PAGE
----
Diagnostic Tests and Interpretation
ImagingInitial Imaging Approach
- Pregnancy test: Exclude pregnancy first.
- CBC to assess severity of blood loss and to rule out thrombocytopenia and leukemia (2)
- In selected cases:
- TSH test
- Coagulation screen, with follow-up testing if screen is abnormal
- Creatinine, BUN
- Serum progesterone: 5–20 ng/mL (15.9–63.6 nmol/L) in luteal phase, <1 ng/mL (<3.18 nmol/L) in follicular phase or anovulatory cycle
- Transvaginal ultrasonography can help distinguish bleeding due to atrophy from bleeding caused by hyperplasia, polyps, or myomas.
- Ultrasonography to evaluate adnexal masses or myomas suspected from pelvic exam.
- A CT is used to investigate potentially malignant pelvic masses.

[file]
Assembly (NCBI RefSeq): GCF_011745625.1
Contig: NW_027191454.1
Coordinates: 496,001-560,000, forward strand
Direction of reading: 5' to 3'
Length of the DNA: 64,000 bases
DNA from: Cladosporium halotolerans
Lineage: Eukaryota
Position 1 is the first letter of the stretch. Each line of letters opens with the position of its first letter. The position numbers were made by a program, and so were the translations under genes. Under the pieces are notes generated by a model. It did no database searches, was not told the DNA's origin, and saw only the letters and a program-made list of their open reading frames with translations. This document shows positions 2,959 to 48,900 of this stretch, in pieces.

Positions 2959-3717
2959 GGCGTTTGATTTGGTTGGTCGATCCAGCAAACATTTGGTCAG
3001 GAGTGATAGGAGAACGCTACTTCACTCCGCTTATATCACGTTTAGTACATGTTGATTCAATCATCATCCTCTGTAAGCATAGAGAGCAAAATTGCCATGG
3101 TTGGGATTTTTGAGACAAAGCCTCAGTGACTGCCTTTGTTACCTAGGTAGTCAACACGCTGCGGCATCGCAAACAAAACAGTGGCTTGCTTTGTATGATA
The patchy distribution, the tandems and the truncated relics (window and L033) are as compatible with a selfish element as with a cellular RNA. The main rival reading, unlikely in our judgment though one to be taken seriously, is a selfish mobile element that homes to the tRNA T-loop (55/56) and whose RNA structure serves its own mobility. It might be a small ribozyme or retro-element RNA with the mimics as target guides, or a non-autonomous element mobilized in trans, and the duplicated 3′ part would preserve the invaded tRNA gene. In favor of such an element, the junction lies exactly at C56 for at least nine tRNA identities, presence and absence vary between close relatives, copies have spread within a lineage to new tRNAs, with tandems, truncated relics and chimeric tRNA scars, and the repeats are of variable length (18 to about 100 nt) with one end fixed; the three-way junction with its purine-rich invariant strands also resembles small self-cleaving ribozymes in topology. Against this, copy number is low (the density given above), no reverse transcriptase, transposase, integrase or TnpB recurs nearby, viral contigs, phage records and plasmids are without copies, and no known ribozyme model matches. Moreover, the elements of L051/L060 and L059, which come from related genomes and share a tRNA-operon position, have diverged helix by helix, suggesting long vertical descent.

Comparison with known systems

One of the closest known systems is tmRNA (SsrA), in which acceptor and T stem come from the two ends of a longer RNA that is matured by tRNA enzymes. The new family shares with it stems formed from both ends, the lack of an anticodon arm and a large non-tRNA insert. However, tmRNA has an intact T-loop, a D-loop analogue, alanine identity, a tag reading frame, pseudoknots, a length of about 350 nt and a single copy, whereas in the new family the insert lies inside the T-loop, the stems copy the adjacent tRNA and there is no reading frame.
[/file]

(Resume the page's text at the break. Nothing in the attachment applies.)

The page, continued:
- An MRI is not recommended as a first-line procedure (3).
- Endometrial biopsy detects hyperplasia, dysplasia, or atrophy. If done before expected menses, it may also help confirm the diagnosis of anovulation or luteal phase defect.
- After age 35–40, endometrial carcinoma is a significant cause of bleeding. Obtain endometrial sampling before attempting hormonal treatment (4)[C].
- Vary with etiology. In ~50% of cases, no uterine pathology is found (1).
- Progestins used before endometrial biopsy may cause decidualization and obscure correct diagnosis.
Menorrhagia is a sample topic found in
5-Minute Clinical Consult .
To find other 5-Minute Clinical Consult topics
please login or purchase a subscription.